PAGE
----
I thought I was going to do women's clothing. I'd move to New York, study at the Fashion Institute of Technology and start designing. When I got to New York I lived with my good friend, Brian Atwood, who is now a big fancy shoe designer. He made my Oscar shoes and inscribed them on the soles: "To my best friend Melissa McCarthy." They're really high. I'm only 5-foot-3. He said, "But aren't they beautiful?" And I said, "Yes, but you're trying to kill me. Please don't kill me."
Do you still have the urge to be a designer?
I'm in the early stages of designing my own clothing line. Trying to find stuff that's fashion-forward in my size is near impossible. But I have a pretty good sense of what works on me and what doesn't. And I love interior design. I've completely renovated three of my own houses -- my husband and I move a lot. Now Ben is like, "Stop making us move. Renovate somewhere else!" So I branched out. I just gutted [The Help] director Tate Taylor's bathroom. My husband said, "Oh, this is great. Go to somebody else's house and rip it apart. Tear it down to the studs!"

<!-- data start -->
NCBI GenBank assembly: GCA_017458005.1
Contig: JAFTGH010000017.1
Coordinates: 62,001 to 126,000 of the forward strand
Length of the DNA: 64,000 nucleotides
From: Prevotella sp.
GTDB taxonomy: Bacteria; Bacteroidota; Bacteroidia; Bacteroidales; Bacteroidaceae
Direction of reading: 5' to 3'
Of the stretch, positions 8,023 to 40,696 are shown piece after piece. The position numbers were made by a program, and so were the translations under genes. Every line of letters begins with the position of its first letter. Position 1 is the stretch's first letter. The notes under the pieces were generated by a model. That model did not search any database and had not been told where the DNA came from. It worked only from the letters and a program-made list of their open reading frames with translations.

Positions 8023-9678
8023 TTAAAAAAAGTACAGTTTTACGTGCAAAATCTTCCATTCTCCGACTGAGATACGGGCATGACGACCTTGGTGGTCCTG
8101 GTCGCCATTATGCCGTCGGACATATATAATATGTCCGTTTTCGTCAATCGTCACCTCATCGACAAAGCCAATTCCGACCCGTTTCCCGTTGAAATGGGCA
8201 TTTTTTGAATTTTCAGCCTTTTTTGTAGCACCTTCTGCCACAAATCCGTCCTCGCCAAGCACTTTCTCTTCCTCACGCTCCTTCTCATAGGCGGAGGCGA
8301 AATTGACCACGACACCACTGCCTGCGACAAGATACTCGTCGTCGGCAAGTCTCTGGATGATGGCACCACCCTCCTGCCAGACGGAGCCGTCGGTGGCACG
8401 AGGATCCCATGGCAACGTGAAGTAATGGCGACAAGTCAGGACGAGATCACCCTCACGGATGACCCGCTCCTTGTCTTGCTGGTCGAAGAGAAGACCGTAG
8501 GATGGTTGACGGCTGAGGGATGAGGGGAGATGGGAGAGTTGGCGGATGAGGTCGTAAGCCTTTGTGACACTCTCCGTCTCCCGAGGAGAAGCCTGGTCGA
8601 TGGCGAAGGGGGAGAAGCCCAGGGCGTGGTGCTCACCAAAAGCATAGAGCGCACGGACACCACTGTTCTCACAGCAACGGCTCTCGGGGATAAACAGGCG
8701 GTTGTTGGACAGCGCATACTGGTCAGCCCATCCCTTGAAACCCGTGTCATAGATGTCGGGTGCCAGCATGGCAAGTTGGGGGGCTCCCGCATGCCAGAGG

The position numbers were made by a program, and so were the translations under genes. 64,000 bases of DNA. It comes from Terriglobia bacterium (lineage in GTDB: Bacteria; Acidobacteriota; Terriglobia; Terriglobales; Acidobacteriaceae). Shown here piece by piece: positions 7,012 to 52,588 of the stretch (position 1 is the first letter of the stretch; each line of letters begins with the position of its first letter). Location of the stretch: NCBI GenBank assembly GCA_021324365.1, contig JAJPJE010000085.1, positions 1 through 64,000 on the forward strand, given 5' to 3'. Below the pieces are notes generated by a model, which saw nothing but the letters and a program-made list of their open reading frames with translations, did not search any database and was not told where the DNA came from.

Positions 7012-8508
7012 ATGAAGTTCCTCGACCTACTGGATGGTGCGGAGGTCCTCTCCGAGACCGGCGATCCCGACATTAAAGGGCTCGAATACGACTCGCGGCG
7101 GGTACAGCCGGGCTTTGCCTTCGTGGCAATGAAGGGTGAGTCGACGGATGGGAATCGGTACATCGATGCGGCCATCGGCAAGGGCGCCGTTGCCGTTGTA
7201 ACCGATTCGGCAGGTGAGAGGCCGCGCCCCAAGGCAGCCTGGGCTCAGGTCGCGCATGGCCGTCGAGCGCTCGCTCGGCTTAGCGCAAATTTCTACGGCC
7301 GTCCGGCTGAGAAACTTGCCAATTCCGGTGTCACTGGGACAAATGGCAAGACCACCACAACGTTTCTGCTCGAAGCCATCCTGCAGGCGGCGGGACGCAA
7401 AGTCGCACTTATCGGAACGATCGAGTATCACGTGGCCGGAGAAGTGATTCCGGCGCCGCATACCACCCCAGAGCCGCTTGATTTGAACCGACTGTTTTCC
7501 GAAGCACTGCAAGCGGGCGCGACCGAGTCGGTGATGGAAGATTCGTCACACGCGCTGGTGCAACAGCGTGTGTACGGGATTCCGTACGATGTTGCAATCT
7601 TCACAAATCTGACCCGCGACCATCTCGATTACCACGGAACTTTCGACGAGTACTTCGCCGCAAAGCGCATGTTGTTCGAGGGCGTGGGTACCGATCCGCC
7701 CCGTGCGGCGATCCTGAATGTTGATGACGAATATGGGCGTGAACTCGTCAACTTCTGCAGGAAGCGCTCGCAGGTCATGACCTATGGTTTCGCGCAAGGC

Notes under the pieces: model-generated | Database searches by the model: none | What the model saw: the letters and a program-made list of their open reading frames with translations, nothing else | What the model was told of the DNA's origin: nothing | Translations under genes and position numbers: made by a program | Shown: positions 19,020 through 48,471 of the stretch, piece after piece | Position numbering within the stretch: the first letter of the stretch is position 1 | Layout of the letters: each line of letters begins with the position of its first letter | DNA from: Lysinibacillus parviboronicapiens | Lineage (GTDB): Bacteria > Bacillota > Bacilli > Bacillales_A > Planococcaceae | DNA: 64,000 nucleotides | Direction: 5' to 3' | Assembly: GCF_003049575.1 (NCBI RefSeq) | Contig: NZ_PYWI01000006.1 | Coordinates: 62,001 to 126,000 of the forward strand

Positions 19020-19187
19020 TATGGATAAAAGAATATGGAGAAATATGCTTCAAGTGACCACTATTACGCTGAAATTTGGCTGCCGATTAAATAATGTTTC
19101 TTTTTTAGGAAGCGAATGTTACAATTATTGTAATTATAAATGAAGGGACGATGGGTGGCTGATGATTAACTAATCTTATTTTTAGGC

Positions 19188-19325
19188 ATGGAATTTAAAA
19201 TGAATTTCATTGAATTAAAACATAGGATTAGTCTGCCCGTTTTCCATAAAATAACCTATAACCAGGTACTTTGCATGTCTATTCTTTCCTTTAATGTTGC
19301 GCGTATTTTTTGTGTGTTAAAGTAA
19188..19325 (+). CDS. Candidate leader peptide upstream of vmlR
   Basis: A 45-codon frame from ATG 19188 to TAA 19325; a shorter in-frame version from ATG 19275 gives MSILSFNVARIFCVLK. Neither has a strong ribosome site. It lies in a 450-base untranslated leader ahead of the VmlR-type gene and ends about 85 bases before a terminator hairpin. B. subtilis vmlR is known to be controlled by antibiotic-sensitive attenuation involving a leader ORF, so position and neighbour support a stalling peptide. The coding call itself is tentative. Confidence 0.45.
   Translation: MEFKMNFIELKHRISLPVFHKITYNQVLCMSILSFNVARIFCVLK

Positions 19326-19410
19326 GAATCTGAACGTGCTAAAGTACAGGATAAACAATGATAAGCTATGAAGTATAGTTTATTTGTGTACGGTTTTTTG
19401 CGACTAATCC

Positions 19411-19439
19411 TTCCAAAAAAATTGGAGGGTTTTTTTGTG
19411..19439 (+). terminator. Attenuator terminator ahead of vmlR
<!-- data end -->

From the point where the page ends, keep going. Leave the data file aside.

So how did you get into comedy?
It wasn't exactly my goal. One day Brian and I were standing in line at the grocery store and he saw an ad in the Village Voice for an open mike at a comedy club and said, "You're going to do stand-up."
What were most of your routines like? I tried to find you on YouTube but couldn't.
Yes, it was before we had to record every moment of our lives. Basically I stood up and told fantastical stories about myself. And I wore crazy outfits and big wigs, and I would tell stories about being beautiful and wealthy and tall and thin. I would just keep complimenting myself. And the compliments...uhhhh, they did not match who I was. People were like, What?! I looked so odd. But then I used to dress oddly in real life, too.